Have you seen the Beth Ann recently, or perhaps the Pam Jean? If you know that these are the names of Eddie Stobart trucks, then you might well be a member of the Stobart Members’ Club. The fact that there is a members’ club tells you straight away that Stobart is no ordinary logistics operators – just check out the online store selling model lorries, teddy bears and novelty lorry slippers named “Tootsie”.
It’s not simply that Stobart is different. Over the past few years it has transformed itself from a traditional haulier with a cult following into a £450m logistics business through a series audacious business moves. And earlier this year it was announced that Stobart had beaten DHL and UPS to come 32nd in the 2010 list of Superbrands.
Chief executive Andrew Tinker is matter-of-fact about the growth. He and his business partner William Stobart bought the business from William’s brother Edward in 2004.
At that point the business was struggling, says Tinkler. It took a strong focus on the operational side, looking particularly at risk in the business, to turn it around and get it back into profit.
But the deal that really turned Stobart into a major player in the logistics market came in the summer of 2007 with a £138m merger with the Westbury Property Fund. Westbury divested itself of its property assets leaving a port development site in Runcorn, a rail freight operating business and a rail terminal in Widnes. In a separate deal it bought a rail-connected freight handling business called O’Connor for some £23m.
The company was renamed Stobart Group with Tinkler and William Stobart as substantial shareholders leading the management team. Since then Stobart has grown both organically and by acquisition – it took over the well respected haulier James Irlam in early 2008 before taking over the chilled and ambient business of Innovate, which had gone into administration.
In the transport operation the business model is pay-as-you-go, rather than a dedicated fleet model. “We work to reduce empty miles – we get 85 per cent utilisation as a result. Empty vehicles are no good to us,” says Tinkler.
With a background in rail infrastructure, it is no surprise that Tinkler is keen to see an expansion of rail operations. However, he says: “You need to be innovative and push the boundaries to work at shorter distances. We think we can work at 150 miles like a bus service. You need to get the utilisation out of the train.”
A recent deal with Tesco exemplifies the Stobart approach. A 528,000 sq ft sustainable distribution centre developed by Stobart at its Widnes inland port site was recently introduced as the new northern hub for Tesco’s fresh operations. At the same time Stobart was confirmed as Tesco’s transport provider for the North, operating from the hub.
Following that, Stobart sold the asset to Legal & General Assurance (Pensions Management), for £61 million. Tinkler says: “This asset disposal illustrates a fundamental strategy of our group which is to invest in assets to develop existing and new customer relationships and then realise the value of the asset, at a profit, to reinvest elsewhere in the business. At Widnes this has enabled us to gain a long-term distribution contract for Tesco and to increase the utilisation and support development of the next phases of the inland port facility.”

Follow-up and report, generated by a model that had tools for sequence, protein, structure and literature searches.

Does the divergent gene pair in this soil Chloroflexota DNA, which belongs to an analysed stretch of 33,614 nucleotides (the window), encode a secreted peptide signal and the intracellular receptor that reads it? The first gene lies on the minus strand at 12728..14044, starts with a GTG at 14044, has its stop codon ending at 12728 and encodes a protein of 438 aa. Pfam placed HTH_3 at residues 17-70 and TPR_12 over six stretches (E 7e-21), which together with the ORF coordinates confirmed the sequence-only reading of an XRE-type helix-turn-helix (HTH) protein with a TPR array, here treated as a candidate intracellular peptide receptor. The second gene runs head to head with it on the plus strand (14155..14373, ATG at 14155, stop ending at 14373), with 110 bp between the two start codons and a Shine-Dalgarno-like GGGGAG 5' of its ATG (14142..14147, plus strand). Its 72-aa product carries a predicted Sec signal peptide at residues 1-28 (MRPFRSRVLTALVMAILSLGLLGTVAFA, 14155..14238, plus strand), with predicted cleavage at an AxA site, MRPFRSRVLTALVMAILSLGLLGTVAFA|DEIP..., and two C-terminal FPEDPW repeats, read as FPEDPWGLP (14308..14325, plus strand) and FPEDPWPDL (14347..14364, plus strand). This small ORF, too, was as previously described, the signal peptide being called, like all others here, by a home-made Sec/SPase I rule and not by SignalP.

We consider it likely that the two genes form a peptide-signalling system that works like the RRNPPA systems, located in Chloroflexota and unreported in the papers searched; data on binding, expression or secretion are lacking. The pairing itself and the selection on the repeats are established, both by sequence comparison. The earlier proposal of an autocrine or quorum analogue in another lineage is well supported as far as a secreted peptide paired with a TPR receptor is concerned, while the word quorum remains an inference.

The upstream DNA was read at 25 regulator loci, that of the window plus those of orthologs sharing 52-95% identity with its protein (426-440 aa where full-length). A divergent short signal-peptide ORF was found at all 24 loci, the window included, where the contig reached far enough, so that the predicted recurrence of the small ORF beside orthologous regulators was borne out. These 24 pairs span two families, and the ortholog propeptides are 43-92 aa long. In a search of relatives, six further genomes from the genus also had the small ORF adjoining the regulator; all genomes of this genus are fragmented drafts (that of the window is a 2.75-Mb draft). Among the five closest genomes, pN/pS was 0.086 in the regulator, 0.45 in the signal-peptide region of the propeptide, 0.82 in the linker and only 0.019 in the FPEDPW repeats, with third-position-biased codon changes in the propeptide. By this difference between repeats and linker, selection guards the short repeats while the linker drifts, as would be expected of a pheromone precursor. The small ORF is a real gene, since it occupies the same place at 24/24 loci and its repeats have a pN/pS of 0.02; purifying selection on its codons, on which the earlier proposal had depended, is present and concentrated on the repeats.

Tinkler expects to increase the throughput of the inland port terminal which is currently only 50 per cent used when the site is fully operational and when an existing Valencia fresh produce rail service is extended to Widnes. This will enable Tesco to transport its fresh produce from southern Spain to northern England by rail.
Stobart’s rail expertise also played a part in winning an £18m contract with AG Barr, the maker of Irn-Bru. This three-year warehousing and distribution contract involves consolidation of deliveries at a newly created central stockholding warehouse in Crick and distribution to retailers throughout the UK. Stobart will move stock by rail from AG Barr’s factory in Cumbernauld to the distribution centre in Crick.
“We give the customer hassle-free one-stop shopping,” says Tinkler. It’s another reflection of the innovative thinking at Stobart. Tinkler says: “Logistics is different today – we need IT skills and so on, and we have to deliver the right skill set around industry.”
Stobart is currently developing Southend airport in co-operation with partners. “There are both passenger and freight opportunities there,” says Tinkler. Southend Airport is part of the Thames Gateway blueprint plan, which also includes the huge DP World Gateway Port planned for the old Shellhaven site.
In March, the government approved the runway extension that forms a key part of the group’s expansion plans for Southend. Work has already started on a new railway station and control tower for the airport, which are due to open in summer 2010 and spring 2011 respectively – in plenty of time for the London 2012 Olympic Games.
In 1988 Andrew Tinkler formed WA Tinkler Building Contractors, later to become WA Developments, a business focused on civil engineering and railway infrastructure. It is now part of the Stobart Group and is known as Stobart Rail.
In 2004, Tinkler acquired Eddie Stobart Ltd with business partner William Stobart. Tinkler was appointed chairman of the group.
Tinkler was made the Institute of Directors’ North West Director of the Year in 2006.
In 2007, he was involved in taking the Eddie Stobart Group into its merger with Westbury Property Fund to form the Stobart Group, a London Stock Exchange listed public limited company, becoming group chief executive.